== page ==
How Free is the Internet

man using tablet

In 1996, "A Declaration of Independence of the Cyberspace" was written by John Perry Barlow.

It highlighted the embodiment of what this new world meant for people and society.

Cyberspace consists of transactions, relationships, and thought itself, arrayed like a standing wave in the web of our communications. Ours is a world that is both everywhere and nowhere, but it is not where bodies live.

We are creating a world that all may enter without privilege or prejudice accorded by race, economic power, military force, or station of birth.

We are creating a world where anyone, anywhere may express his or her beliefs, no matter how singular, without fear of being coerced into silence or conformity.

Your legal concepts of property, expression, identity, movement, and context do not apply to us. They are all based on matter, and there is no matter here.
— JOHN PERRY BARLOW

20 Years Later, This is the Economic State of Cyberspace.

The graph below outlines the percentage in GDP (right) of the digital economy in different countries, and the growth rate (left) of the digital economy,

GDP (Gross Domestic Product) is a basic economic measurement on the dollar production within a country, and usually indicates the health of a country's economy.

The expected growth looks promising, and hasn't gone unnoticed by prospective job applicants and students. The emphasis to obtain digital and technical skills is everywhere.

Here's the problem.

  1. We are using traditional economic models to measure the production of a digital "product".
  2. Cyberspace knows no boarders. The growth of the digital economy is an international effort.
  3. A collective agreement of valuation in cyberspace has not been established. The success of a digital product does not correlate with their monetization methods and revenue. (i.e. Vine, Twitter)

Overall, the digital economy does not function the same way traditional economic models function. Which means this system of valuation is also broken.


So How does the internet make money?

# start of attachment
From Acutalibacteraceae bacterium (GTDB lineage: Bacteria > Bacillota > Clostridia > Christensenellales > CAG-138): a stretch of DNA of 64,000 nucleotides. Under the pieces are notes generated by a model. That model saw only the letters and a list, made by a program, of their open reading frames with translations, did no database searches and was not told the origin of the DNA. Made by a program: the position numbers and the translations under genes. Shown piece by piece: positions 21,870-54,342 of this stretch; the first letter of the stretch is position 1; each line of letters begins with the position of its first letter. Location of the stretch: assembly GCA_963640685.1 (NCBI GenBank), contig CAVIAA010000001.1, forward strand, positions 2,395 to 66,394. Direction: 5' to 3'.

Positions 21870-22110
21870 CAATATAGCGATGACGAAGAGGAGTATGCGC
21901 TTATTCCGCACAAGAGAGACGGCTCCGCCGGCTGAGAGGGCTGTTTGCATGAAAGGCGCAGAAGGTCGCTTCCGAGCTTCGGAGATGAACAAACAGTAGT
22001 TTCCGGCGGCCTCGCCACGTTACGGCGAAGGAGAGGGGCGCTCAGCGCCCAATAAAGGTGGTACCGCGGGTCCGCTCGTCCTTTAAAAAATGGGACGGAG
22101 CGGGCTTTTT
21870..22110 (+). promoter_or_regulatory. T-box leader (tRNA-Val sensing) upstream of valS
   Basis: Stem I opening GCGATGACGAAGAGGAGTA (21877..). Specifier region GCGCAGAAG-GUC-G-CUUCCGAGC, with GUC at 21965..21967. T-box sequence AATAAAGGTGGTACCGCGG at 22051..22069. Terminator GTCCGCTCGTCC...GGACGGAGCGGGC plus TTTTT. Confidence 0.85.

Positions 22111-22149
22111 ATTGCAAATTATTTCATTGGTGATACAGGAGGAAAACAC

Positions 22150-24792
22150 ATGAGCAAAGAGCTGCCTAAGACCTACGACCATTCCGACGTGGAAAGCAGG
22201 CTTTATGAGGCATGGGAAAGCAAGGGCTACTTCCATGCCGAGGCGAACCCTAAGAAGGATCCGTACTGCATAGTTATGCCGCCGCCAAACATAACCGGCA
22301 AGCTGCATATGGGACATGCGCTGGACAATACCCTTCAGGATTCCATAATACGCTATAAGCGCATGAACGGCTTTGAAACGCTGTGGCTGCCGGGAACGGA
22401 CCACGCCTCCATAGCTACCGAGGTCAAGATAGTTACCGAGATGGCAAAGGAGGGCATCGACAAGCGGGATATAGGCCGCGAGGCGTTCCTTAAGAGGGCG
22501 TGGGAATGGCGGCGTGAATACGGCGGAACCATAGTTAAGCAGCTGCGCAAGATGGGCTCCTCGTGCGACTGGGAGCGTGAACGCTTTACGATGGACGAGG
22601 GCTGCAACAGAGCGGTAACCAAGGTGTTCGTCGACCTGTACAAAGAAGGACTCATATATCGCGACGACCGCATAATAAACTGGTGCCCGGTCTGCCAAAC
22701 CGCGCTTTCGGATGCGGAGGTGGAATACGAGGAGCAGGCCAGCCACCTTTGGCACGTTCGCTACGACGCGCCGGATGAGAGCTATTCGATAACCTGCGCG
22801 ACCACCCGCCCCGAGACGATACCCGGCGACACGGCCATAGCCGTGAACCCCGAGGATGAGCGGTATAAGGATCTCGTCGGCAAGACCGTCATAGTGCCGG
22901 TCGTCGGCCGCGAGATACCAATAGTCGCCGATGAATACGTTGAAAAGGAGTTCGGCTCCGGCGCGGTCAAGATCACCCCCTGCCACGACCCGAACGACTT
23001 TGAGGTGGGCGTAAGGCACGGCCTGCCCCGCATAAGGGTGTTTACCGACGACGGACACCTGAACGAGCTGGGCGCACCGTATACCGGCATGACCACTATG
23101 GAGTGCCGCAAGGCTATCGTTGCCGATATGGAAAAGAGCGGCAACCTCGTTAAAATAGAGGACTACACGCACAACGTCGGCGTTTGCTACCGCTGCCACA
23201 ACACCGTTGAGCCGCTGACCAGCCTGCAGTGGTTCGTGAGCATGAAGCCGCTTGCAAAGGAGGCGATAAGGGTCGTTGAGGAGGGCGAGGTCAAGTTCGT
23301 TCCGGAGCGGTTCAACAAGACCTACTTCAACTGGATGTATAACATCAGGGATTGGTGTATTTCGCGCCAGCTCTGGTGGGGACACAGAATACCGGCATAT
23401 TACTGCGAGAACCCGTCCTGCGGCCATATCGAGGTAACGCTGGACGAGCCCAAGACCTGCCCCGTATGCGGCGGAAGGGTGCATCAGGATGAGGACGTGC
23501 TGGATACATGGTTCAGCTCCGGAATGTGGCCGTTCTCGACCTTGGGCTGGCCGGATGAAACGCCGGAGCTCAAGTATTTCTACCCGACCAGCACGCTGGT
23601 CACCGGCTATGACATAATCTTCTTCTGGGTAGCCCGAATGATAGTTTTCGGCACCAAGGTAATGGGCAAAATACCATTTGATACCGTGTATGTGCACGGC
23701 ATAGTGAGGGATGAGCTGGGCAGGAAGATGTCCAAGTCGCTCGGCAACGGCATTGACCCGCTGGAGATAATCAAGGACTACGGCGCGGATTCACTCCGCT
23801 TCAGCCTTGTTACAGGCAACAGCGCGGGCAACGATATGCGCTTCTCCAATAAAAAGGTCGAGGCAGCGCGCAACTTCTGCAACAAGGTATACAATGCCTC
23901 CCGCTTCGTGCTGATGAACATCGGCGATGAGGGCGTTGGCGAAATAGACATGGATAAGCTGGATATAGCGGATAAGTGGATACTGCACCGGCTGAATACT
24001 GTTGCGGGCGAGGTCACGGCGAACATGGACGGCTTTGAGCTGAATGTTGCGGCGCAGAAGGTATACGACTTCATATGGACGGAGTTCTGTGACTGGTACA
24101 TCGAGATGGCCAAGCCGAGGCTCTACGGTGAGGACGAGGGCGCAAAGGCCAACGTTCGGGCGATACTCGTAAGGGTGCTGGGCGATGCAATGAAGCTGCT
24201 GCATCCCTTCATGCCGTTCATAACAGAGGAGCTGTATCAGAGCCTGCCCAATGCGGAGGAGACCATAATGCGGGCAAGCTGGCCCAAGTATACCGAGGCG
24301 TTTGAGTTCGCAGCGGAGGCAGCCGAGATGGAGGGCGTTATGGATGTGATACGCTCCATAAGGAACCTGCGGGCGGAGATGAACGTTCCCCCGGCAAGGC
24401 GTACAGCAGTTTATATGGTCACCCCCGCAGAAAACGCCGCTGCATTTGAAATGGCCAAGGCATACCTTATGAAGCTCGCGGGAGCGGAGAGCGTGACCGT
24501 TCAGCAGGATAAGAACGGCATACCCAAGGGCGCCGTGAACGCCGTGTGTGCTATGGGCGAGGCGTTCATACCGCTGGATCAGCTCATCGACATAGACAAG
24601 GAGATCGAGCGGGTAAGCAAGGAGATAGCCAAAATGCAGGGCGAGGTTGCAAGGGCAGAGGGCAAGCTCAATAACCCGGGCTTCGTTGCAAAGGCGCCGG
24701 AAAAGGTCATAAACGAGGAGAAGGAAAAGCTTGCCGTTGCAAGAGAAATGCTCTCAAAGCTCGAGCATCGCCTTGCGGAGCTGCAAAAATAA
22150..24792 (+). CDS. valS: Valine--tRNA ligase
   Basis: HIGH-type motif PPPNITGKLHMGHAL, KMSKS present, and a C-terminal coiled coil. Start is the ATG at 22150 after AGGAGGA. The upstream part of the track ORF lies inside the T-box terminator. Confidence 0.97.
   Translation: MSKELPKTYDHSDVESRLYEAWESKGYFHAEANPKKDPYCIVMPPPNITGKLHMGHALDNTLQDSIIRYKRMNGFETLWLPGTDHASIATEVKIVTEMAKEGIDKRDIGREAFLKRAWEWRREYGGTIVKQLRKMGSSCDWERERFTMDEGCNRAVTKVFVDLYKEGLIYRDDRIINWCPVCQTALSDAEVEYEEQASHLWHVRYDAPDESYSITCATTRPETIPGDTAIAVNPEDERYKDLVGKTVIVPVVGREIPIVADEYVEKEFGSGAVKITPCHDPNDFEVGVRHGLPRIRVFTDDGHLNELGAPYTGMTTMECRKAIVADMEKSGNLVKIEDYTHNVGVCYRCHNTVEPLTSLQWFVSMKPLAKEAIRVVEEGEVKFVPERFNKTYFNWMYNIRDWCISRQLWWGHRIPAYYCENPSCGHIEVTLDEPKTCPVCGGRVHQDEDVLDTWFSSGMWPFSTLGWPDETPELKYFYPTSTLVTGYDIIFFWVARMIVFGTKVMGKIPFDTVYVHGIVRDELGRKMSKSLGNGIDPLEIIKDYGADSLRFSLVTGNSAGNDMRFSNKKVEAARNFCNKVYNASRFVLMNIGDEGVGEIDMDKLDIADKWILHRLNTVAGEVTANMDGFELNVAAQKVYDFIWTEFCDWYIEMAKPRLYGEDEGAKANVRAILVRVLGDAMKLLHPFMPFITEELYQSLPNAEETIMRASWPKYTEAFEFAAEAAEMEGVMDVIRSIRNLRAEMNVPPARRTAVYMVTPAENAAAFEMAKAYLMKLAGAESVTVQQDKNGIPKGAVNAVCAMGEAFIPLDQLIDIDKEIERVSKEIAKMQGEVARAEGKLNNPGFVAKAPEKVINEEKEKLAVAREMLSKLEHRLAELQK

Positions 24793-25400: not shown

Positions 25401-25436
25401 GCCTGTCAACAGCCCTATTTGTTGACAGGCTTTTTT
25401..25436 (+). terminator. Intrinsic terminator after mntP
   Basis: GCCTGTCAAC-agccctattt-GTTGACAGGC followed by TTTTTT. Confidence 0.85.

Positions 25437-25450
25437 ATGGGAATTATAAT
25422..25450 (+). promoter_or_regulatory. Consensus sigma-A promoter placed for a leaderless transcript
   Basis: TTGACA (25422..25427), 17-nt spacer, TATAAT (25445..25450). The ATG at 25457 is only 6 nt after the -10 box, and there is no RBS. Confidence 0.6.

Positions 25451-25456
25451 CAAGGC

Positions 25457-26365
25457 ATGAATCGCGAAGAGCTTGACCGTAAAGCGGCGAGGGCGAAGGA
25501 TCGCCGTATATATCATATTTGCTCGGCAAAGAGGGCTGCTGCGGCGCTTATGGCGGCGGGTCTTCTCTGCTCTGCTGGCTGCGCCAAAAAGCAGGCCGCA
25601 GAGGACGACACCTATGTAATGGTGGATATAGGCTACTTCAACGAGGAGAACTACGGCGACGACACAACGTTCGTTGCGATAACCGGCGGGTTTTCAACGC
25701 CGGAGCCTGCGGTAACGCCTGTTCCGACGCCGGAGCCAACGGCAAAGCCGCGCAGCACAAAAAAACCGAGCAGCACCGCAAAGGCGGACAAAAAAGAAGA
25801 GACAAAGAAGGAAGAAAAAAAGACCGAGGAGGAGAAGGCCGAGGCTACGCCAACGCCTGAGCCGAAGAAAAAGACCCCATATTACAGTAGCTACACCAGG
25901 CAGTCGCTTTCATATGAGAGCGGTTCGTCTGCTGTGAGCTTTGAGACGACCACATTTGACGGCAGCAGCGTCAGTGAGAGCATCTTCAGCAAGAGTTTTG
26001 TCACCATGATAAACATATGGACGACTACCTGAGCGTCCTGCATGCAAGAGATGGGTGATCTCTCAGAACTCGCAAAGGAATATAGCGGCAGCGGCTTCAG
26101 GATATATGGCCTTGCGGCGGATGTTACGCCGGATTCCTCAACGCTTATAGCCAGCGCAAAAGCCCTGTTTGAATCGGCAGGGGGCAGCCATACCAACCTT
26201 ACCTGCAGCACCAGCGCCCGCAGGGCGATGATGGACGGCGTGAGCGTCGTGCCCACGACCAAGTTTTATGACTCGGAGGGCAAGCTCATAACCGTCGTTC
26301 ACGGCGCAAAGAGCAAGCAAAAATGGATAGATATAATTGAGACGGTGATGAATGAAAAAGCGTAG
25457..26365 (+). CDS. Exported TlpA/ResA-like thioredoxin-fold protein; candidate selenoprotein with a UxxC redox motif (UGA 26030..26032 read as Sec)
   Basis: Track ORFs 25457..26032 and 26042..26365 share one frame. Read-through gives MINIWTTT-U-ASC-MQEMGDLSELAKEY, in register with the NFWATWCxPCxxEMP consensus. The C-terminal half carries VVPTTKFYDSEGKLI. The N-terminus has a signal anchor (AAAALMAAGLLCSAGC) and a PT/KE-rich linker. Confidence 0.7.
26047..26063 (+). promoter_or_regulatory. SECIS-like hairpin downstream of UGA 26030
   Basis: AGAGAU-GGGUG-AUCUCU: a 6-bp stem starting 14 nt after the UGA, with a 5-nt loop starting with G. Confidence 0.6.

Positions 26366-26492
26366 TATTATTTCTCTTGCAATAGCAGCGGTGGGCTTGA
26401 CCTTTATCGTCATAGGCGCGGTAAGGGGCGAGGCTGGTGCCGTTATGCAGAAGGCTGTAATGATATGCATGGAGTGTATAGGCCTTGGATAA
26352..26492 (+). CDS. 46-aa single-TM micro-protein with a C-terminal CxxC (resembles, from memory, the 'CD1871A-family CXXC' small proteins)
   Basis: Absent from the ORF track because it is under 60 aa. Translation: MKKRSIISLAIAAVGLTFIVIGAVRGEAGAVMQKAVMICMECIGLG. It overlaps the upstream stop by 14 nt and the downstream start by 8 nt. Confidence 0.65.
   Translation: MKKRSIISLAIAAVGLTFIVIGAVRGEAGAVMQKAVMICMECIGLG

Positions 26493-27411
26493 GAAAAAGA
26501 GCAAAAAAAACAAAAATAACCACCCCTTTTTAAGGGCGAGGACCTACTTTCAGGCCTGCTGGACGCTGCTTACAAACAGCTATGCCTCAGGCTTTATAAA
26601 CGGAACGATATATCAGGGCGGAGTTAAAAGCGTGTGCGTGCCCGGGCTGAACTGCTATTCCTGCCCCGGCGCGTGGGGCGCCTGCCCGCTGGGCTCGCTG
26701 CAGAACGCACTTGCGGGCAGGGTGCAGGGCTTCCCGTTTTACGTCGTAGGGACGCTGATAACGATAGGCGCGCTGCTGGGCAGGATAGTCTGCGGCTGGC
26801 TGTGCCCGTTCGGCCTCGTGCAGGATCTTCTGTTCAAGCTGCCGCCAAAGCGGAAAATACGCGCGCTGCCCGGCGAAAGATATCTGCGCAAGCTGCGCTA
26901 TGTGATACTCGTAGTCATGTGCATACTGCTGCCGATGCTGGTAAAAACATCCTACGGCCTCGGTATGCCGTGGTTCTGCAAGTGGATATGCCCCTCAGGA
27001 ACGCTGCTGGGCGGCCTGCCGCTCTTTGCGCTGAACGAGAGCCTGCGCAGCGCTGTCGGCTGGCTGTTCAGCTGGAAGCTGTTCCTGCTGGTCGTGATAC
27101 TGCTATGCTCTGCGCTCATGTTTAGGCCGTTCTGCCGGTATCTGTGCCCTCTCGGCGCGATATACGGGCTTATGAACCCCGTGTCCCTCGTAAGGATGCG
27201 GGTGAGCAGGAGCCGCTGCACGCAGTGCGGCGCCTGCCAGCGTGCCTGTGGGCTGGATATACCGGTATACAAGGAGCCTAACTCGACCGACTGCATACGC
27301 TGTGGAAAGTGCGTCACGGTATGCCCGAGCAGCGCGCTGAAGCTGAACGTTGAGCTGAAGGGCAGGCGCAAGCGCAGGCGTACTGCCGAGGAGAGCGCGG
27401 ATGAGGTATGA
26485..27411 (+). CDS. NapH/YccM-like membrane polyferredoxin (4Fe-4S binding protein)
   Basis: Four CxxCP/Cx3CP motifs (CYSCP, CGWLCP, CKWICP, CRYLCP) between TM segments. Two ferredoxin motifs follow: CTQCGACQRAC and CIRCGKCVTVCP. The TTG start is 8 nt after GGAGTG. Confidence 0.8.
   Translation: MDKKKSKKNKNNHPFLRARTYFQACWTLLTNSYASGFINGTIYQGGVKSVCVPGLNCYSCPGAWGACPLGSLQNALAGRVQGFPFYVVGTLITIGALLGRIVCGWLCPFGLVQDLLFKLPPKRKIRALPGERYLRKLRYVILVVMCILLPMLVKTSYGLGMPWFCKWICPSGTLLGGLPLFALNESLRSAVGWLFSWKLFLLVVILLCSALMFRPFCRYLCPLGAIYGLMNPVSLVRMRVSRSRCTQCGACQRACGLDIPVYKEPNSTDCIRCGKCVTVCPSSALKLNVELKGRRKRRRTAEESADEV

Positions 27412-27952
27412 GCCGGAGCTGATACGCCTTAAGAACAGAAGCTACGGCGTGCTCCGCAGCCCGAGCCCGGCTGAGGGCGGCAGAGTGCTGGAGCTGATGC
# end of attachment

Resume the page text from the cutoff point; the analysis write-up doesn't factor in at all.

There are 2 types of businesses for internet companies (for the most part).

Software

These are companies in which their product is the software, mostly used for more efficient business operations. Most software companies have moved to a SaaS (Software as a Service) business model.

Platform

Platform business models are websites or apps that acts as a mediator between a producer and a consumer. This is your Google, Facebook, YouTube, LinkedIn, Airbnb, Uber, etc. 

Monetization Methods

  1. Advertising: This is the big one. (Google makes 89% of their $66 billion revenue from serving ads)
  2. Subscription: Users pay on a timely bases to use the product. (i.e. Netflix, Spotify)
  3. Lead Generation: Using the website as a way to obtain contact information on potential customers. Lead generation is used for higher ticketed items.
  4. Selling Data: Everything you look at and click on is data. A company may sell this data to other companies for insights or new users.
  5. Freemium: The product itself is free for anyone, but additional add-ons will cost extra to offset the production of the whole product. 

What This Means for You

  1. You, as a user, are a commodity.
  2. Every click you make is generating a trail of digital footprint  that translates into currency of power.
  3. Privacy is and will continue to be compromised.

Keep in mind though, change and progress are an inevitable part of societal development. Our standard of expectations will also shift as we adapt to these new rules.

As of now, staying informed will be the most beneficial thing to do in this ever-changing world. You can do so by subscribing below 😉